Those involved in a close liaison with wine for decades make lots of demands on the wines we’re happiest to consume.
Just because a wine is tasty is no reason to get excited about it, I believe, if it fails one crucial test: It doesn’t smell sort of like the grape listed on the front label.
When you buy a BMW, you expect it to do what a BMW is supposed to do. Likewise for any product that relies on performance—writing instruments, knives, software. …
If I buy a riesling and it smells more like aftershave or pomegranates, it’s not a good example of riesling, no matter how “tasty” it may be.
Holding wines to this standard isn’t something most wine buyers do. If you’re content to drink a $3.99 wine that has no varietal authenticity, you’re probably happy it’s wet. But when paying $15 or more, we should demand that it smell roughly like what it’s supposed to.
But that calls for some expertise. If you can’t describe what a cabernet is supposed to smell and taste like, it’s hard to criticize it if it smells more like shoe polish or motor oil.
Look at sauvignon blancs from different areas, all of which are valid, in my view. Although several sound bizarre, I’ve loved my lifelong learning of varietals tied to different soils.
Start with the fact that sauvignon blanc isn’t a floral variety. Its main aroma leans more on herbs. In cool climates, and especially in windy areas, it often displays green or herbal notes similar to grass, veggies, tarragon, green tea, and green olives.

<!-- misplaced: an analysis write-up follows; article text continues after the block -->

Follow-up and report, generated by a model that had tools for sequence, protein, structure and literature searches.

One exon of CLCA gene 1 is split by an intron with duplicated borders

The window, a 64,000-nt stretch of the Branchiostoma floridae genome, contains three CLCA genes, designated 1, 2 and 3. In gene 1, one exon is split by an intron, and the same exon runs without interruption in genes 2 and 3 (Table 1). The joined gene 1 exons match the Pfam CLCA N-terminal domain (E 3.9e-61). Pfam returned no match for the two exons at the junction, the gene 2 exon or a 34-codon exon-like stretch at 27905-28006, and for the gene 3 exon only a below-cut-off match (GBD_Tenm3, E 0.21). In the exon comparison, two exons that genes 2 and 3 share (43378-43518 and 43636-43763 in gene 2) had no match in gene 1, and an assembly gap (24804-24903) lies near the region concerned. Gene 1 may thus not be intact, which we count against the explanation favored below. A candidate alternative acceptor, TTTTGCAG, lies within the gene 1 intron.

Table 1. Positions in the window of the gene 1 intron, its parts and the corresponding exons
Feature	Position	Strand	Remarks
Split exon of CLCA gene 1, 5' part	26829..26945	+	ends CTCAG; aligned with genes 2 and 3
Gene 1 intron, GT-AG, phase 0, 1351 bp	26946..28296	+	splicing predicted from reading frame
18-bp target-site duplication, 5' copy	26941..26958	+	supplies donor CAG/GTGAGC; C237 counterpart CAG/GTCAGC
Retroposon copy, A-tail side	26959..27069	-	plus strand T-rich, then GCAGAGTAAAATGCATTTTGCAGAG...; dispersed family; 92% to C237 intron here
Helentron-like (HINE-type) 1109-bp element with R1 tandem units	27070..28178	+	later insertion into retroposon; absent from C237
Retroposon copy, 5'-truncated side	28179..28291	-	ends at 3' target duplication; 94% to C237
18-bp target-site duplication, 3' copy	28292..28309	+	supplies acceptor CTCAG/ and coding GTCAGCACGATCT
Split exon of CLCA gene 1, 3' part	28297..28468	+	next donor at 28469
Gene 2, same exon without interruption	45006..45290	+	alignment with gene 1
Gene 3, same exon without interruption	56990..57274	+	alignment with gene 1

In many areas of New Zealand, such as the cool, windy northern tip of the South Island (Marlborough), sauvignon blanc aromas are so distinctive that most wine lovers can identify not only the varietal but also the region.
Few areas of California can make wine like this. But some come close. Sonoma County’s Russian River Valley, Livermore Valley, and parts of California’s central coast, including Monterey County, often make sauvignon blancs with some of the same “green” aromas.
Decades ago, Monterey had yet to learn how to tame that character and some of its sauvignons blancs were too strong for some reviewers. With our recent understanding of the New Zealand style, many central coast sauvignon blancs today display fascinating faces that once might have been disparaged.
California’s Dry Creek Valley is cool enough to ripen the variety so it can deliver a bit more of the true varietal aroma. Although Russian River Valley can produce slightly more spice and exotic notes, Dry Creek sauvignons blancs seem to age a bit better.
The Napa Valley’s primary grape, cabernet sauvignon, prefers warmer climates. But Napa also has some sauvignon blancs that have delicate varietal nuances. (Some of these wines are aged in oak barrels, giving them a different expression.)
Sauvignon blancs also grow extremely well in France’s eastern Loire Valley. In Pouilly-Fumé, you get more “earthy” complexity; there are slightly more mineral elements in Sancerre.
South Africa sauvignon blancs also can have “New Zealand-ish” aromatics, and sauvignons blanc from Chile (notably from Casablanca Valley) can be more floral and spiced.
I have also tasted some unusual sauvignon blanc styles, such as California’s Sierra Foothills and low-lying areas of Alexander Valley (dried hay), Austria (slate, brine, citrus peel), and northern Italy (pea pods).
Despite the unusual descriptors, the wines were all fascinating.
Wine of the Week
2021 Allan Scott Sauvignon Blanc, Marlborough ($16): This delightful New Zealand import comes from a region that normally displays more of the gooseberry, new-mown hay, and distinctive “cat box” aromas. But this winery is one of the oldest in the area and the vines are some of the oldest in New Zealand, dating back nearly 50 years. That has given Allan and his family great knowledge on how to grow the fruit so it delivers more complexity, such as Asian pear and subtle spices. Best with seafood. Simply superb.